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Saturday December 7th 2019

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That's what she said

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Embracing the Night (and the Ground)


By

Concerning the recent community discussion about closing Boulder Parks and Open Space to night use, I have a few thoughts I’d like to share.

Boulder Open Space and Mountain Parks already has a ban on parking in trailhead and other open space lots between midnight and 5 a.m. This prohibition should be sufficient to keep people off the trails during that time, and it’s a whole lot easier to patrol parking lots and look for violators there than to hike all over the open space system looking for wandering miscreants. I’m guessing the biggest threat after 11 PM is from beer parties (formerly called “woodsies”), but I think these should be pretty easy to locate if there are folks out patrolling. I certainly support closing habitat conservation areas to human use during the night, as these are the only areas we have left that are primarily devoted to wildlife habitat.

Camping at the Mosel River in Germany (istock.com)

Second, since I first arrived in Boulder as a poor graduate student/public school teacher in 1970, I’ve always thought our community’s greatest shortcoming was an absence of public camping facilities. I can camp legally closer to London or Chicago than I can to Boulder. In Nebraska, I can camp legally and often for free within 10 miles of virtually any town or city, including Lincoln and Omaha. Think about it. Our nearest public campgrounds in the mountains are at least 45 minutes away from town (by car that is, more like 24 hours by foot) at Golden Gate Canyon State Park, Kelly-Dahl, Buckingham Park, and Rainbow Lakes. And you can’t even camp in the national forests in Boulder Canyon or Lefthand Canyon. One of the first things you see when you drive up Boulder Canyon is an unfriendly-appearing signs saying “No Camping Next 18 Miles.”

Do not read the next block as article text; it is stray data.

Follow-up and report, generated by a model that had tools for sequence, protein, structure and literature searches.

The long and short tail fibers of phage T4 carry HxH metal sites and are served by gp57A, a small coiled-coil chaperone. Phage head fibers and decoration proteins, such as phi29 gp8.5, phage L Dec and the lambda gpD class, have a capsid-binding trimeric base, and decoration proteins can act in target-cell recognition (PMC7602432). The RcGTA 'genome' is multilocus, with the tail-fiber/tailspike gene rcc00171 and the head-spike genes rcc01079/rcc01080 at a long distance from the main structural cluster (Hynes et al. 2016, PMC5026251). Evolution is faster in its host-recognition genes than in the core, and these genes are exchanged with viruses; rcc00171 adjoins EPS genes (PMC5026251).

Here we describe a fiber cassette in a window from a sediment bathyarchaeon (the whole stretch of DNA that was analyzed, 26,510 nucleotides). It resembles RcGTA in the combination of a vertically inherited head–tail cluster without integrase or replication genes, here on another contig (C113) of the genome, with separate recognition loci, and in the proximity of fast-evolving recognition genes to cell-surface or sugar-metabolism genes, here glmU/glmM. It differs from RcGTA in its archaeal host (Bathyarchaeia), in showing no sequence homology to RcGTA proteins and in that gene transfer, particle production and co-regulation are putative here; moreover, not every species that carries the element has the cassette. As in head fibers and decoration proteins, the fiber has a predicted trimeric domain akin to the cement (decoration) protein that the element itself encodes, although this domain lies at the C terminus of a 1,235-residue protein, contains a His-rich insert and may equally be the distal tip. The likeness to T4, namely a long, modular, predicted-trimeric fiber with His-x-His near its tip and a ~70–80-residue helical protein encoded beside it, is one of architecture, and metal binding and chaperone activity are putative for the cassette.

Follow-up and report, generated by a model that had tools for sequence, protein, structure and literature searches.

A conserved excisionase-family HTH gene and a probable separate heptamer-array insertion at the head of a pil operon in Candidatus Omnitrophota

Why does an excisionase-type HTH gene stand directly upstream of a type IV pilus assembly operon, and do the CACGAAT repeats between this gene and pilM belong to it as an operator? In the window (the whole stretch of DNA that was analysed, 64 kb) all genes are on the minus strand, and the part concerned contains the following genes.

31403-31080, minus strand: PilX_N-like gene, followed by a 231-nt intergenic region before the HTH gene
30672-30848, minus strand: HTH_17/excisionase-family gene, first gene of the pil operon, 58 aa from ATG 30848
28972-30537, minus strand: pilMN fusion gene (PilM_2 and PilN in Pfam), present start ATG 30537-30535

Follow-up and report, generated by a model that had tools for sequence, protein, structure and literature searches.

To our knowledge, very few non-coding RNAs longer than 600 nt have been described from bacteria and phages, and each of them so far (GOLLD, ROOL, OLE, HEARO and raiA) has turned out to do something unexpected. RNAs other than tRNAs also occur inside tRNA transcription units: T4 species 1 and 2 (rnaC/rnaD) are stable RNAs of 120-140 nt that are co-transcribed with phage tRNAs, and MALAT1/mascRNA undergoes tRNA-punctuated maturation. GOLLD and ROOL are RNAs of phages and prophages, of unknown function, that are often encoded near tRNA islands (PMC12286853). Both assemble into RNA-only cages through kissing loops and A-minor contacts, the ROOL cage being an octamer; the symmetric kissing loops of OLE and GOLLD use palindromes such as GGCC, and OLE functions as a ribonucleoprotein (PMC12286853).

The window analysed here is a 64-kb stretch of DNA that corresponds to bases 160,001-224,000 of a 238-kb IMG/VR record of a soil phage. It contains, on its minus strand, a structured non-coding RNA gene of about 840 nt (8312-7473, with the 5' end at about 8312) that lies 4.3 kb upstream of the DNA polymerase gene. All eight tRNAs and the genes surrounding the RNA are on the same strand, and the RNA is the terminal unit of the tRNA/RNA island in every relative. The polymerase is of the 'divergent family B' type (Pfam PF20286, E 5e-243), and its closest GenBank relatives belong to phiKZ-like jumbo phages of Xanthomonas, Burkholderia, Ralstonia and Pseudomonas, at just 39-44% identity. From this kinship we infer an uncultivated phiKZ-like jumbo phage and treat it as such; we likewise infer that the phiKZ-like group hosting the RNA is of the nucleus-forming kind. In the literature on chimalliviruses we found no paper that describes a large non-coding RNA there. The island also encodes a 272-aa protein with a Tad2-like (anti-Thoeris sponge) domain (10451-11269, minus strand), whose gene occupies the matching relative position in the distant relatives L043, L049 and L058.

There is a campground at the Boulder County Fairgrounds in Longmont and a small one at Meadow Park in Lyons, but nothing, really, in the foothills and mountains west of Boulder.  We need to construct an in-town campground to accommodate homeless people and several smaller, appealing (meaning a handful of dispersed sites in the woods) close-to-town campgrounds to accommodate visitors. It’s a shameful situation that makes us look a little like we’re operating a police state.

I’m particularly sensitive to this because I grew up in Northern California where it’s now almost impossible to go camping without a credit card (I’m not making this up). I believe that a society that deprives humans of the innate right to sleep unencumbered on the green Earth is a pretty pathetic society. Blame it on overpopulation if you will, but if they can accommodate campers throughout Europe, we should be able to do so in relatively uncrowded Boulder County.

One reason this shortcoming has not been rectified is because no local agency wants to take on the expense and responsibility of building and maintaining campgrounds. This is perfectly understandable. What we would need to do is get all the agencies together (especially Boulder City Council, the Boulder County Commissioners, and the Arapaho National Forest) to come up with a blueprint for creating small, attractive, and reasonably secluded campgrounds close to Boulder. As to the free public campground within Boulder, that would require a thoughtful community process, directed by Boulder City Council.

Finally, one of the sad things of living at this time is that most of us have lost contact with the most magical and spiritually powerful part of the 24-hour cycle: nighttime. We should be encouraging people to reconnect with the darkness, responsibly, not banning them from doing so. If we want to ban something, how about banning all external lighting and all non-emergency machinery (including cars, except for necessary commuting, and airplanes) from midnight to 5 a.m.?

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